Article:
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Companies prosecuted after asbestos exposure

A Cheltenham contractor and a retailer have been prosecuted after a construction worker was exposed to asbestos during a refurbishment project.

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Scottish safety camera figures

The Royal Society for the Prevention of Accidents (RoSPA) in Scotland has welcomed a reduction in the number of people killed or seriously injured at safety camera sites following camera enforcement, but is concerned that some drivers are still not heeding the safety messages at 40-, 50- and 60mph locations.

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Britain’s dockers at risk

Britain's dock workers could be left without the specialist safety protection they need if plans to water-down safety regulations go ahead.The Association of Personal Injury Lawyers (APIL) says proposals by the Health and Safety Executive (HSE) to axe safety rules specific to dockyards could have “tragic consequences”.“Five times more dock workers die than the national average for workplace deaths so the last thing the port industry needs is weaker safety measures,” said APIL president Karl Tonks.Under the plans, regulations which are specific to docks, such as those ensuring ladders are in place as a means of escape if workers fall into the water, will be scrapped and replaced with guidance.“Guidance isn't compulsory, and an industry as dangerous as this needs robust rules to protect its workers,” said Karl.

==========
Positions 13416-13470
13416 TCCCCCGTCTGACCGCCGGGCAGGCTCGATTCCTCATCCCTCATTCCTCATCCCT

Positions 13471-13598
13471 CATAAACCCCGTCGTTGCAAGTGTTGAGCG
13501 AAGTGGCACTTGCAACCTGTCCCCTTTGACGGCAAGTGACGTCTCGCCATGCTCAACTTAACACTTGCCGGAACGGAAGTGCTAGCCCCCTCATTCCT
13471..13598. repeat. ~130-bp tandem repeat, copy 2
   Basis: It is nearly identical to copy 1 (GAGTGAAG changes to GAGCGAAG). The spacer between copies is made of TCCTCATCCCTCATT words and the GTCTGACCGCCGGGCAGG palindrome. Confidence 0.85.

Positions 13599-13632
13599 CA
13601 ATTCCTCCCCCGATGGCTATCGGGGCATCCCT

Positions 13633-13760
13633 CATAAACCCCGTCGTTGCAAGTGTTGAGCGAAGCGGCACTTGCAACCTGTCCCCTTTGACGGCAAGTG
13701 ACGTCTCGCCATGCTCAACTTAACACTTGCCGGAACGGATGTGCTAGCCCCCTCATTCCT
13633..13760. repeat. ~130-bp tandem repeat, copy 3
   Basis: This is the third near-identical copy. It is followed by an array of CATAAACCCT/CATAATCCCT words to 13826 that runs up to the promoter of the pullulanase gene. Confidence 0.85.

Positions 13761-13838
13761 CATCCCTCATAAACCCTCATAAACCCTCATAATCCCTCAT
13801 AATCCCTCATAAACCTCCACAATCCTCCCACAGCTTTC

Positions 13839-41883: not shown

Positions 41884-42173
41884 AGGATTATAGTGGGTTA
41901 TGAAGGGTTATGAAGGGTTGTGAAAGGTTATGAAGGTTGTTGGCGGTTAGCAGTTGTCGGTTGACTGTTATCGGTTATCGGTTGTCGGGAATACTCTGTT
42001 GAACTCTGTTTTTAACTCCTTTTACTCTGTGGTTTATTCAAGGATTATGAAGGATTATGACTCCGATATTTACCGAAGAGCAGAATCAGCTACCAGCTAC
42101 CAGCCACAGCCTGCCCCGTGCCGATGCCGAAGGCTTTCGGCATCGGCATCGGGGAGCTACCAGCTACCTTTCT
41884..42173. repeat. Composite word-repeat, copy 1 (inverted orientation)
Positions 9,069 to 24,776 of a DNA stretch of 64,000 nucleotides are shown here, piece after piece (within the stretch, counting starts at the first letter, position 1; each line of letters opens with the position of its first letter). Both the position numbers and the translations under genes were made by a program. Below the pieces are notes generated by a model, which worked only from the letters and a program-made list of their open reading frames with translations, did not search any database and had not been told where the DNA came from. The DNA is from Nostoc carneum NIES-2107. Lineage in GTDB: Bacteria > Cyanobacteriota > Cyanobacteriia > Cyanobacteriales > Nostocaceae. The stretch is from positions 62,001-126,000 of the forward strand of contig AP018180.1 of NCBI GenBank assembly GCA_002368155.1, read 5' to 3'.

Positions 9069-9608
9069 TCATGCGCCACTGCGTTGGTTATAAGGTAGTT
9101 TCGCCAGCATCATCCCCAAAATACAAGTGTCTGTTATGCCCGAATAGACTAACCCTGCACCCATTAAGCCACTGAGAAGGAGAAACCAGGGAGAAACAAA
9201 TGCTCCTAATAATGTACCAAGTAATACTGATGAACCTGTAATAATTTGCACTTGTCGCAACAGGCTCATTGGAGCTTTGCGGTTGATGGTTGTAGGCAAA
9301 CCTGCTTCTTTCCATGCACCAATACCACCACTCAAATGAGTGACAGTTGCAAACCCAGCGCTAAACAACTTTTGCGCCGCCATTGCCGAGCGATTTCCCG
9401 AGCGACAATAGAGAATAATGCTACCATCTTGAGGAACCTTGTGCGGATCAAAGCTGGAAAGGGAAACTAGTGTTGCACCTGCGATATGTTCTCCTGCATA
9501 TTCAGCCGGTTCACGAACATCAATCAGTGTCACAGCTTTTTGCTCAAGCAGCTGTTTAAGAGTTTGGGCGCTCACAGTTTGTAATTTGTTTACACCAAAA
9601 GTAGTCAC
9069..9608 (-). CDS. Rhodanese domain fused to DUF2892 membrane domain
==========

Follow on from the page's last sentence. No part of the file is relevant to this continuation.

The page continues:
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Roofing boss fined after worker seriously injured in fall

An Aberdeenshire roofing boss has been fined after one of his workers was seriously injured when he fell five metres from the edge of a flat roof.